[Users] Create filter/proc question.
markfilipak.linux at gmail.com
Sun Apr 7 17:54:28 CEST 2013
On 2013/4/7 6:53 AM, Paul wrote:
> On Sat, 06 Apr 2013 23:44:05 -0400
> Mark Filipak <markfilipak.linux at gmail.com> wrote:
>> Claws developers:
> This could be answered by users as well as developers.
Thank you, Paul, but no: it can't be answered by users because they don't write code. You have misunderstood what I'm asking. I'm not asking _how_ to do something. I'm asking _why_ it is the way it is. I'm asking for software architecture: How is Claws constructed and how does it process? I assume I could examine the source code, but I want to ask just simple questions and I'd like to bring you folks along in the answers. Bear with me please. You will see and you will agree.
>> 1 - I have a MH selected (highlighted). I want to create a filter,
>> but 'Create filter rule' and 'Create processing rule' in the
>> 'Tools' menu are both greyed out. The only way I can get around
>> that is to select the MH's Inbox. Why?
> See the manual:
I've read the entire manual of course. It's quite short, and when I'm done it will be significantly shorter. Terse yet concise is what I'm after: not a word too short and not a word too long.
> "You will find the filtering preferences via the "Configuration"
> menu, "Filtering" item."
> "There is also a quick method of creating filtering rules based on
> the selected message. After selecting a mail of the type you want to
> filter, choose "Create filter rule..." from the "Tools" menu"
Not "how", but "why". Why do I have to select (highlight) the MH's Inbox before I can create a filter? Why can't I simply select the MH? After all, it's the MH that does the filtering. By requiring me to select the MH's Inbox, it gives me the impression that the filters are attached to the Inbox as though the mail is fetched first and the filters are applied to the Inbox rather than to just the messages that were fetched - the later is called "scoreboarding" and I'll address that in the "Mail fetch question" thread.
Now, don't misunderstand me. I know that I can run a filter - well, process actually - against a mailbox (the Inbox or any other mailbox). I'm not asking about that.
>> 2 - What's the difference between 'Create filter rule' and 'Create
>> processing rule'?
> See the manual:
> "Processing rules are the same as Filtering rules, except that they
> are applied when entering a folder or when manually applied from a
> folder's context menu and apply only to this folder."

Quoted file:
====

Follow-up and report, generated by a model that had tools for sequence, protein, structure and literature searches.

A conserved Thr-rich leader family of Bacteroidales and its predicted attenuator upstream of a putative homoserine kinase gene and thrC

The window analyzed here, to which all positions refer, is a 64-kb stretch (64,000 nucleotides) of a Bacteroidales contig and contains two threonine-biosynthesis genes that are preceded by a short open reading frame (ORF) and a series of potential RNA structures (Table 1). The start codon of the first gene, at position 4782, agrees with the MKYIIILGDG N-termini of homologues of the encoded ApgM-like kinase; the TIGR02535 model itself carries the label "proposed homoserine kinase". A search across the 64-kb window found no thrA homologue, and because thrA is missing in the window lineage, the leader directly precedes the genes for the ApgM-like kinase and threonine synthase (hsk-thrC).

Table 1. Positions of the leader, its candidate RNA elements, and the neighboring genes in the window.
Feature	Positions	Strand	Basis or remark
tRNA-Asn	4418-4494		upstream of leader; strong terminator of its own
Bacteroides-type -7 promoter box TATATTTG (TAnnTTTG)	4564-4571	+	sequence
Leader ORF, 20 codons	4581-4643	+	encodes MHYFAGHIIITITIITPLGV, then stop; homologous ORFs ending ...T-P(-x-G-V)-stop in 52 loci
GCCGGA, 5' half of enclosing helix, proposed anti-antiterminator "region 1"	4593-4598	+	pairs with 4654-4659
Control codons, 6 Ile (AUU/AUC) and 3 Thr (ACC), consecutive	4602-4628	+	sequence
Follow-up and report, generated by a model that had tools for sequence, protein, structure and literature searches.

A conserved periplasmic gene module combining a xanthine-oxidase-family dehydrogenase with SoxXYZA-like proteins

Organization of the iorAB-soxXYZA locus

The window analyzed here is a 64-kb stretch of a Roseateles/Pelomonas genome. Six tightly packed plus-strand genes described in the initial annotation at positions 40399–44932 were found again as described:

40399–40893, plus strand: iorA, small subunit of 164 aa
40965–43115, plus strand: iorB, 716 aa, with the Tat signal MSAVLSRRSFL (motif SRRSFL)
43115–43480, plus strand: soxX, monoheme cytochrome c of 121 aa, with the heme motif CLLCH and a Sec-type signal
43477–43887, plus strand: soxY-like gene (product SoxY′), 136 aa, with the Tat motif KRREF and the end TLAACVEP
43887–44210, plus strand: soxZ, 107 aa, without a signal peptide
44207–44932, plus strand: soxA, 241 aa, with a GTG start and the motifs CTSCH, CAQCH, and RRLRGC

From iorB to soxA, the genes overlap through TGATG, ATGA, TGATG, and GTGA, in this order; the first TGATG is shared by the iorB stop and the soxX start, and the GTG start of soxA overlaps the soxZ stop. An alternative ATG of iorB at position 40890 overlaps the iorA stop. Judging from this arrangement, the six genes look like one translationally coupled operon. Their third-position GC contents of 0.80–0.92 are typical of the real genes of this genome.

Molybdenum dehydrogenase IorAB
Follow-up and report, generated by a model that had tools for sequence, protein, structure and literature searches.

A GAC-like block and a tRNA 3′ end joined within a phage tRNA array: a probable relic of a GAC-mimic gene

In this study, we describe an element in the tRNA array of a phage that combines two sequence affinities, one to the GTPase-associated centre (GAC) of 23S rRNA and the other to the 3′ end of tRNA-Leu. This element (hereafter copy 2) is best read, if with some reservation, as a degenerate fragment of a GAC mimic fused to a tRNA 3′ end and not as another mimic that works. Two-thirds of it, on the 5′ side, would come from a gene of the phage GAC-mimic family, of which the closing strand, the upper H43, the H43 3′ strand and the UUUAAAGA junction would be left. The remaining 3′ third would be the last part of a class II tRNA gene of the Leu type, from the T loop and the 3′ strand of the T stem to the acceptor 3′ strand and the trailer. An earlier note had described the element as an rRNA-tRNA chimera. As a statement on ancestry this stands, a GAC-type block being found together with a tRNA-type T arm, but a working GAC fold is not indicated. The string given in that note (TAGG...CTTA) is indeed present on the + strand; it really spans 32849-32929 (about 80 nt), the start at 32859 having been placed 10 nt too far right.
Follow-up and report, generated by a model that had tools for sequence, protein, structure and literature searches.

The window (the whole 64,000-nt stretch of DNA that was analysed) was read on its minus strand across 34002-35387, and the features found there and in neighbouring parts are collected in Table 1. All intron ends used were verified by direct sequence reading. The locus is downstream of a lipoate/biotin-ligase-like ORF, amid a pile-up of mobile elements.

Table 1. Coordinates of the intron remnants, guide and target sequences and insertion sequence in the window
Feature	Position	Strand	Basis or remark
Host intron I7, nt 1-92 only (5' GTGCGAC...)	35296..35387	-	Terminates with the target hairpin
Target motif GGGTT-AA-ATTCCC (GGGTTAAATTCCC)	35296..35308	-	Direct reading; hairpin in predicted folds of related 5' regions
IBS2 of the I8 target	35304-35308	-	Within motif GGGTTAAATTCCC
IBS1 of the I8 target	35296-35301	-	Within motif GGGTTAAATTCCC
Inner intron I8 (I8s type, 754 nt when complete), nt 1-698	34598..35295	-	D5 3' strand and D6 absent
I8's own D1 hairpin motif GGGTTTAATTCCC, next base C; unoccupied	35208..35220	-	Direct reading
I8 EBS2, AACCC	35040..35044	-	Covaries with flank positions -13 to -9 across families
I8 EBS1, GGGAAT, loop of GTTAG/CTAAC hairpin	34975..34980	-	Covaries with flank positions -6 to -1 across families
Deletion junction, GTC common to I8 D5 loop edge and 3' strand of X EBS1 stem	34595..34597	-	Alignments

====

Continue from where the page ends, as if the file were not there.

I find this a little strange. I don't believe Eudora, for example, worked that way but I may be wrong because I've been using TBird for so many years and have become somewhat enured to how a mail application should work. I think that in other mail applications, the user may apply any filter stack against the contents of any mailbox at any time, but I may be wrong. In any event, distinguishing between the scope of a sort on the basis of whether a rule is part of a filter or part of a process seems a thin and potentially confusing (and maybe even inefficient and/or buggy) distinction. May I suggest that there really is no difference between a "filter rule" and a "processing rule"? The distinction is in their scope.
Ciao - Mark.
PS: By the way. Regarding philosophy: I have already indicated that I consider naming to be a critical design step. Poorly chosen names are the source of a great number of support calls. Well chosen names help both 'how-to's and source code. I assume you agree. What I'm writing about in this message is a filter stack. "Filter stack" is a software architecture term. If one knows what a filter is and what a stack is and how they work regarding scope and sequencing, then the term "filter stack" doesn't really require much further explanation. But it has to be referred to as a "filter stack", not "filters" or not anything else. Now, my major beef with Microsoft is: not only does it dumb-down software, but it applies inappropriate metaphors that obscure how software processes work rather than illuminate them. Overall, I'm against metaphor. I have found that it's much better to use established programming names for architectural features and then _expect_ users to know what those terms me
an. If the user doesn't know what a particular term means - aha! - there's a superscripted number directing them to a notation at the bottom of the page or to a side note or to a glossary entry - that's how to handle complicated topics! I'm reminded of the poem "Naming of Parts" by Henry Reed. The trick to all this is: you have to be consistent and you have to be right. Comments?
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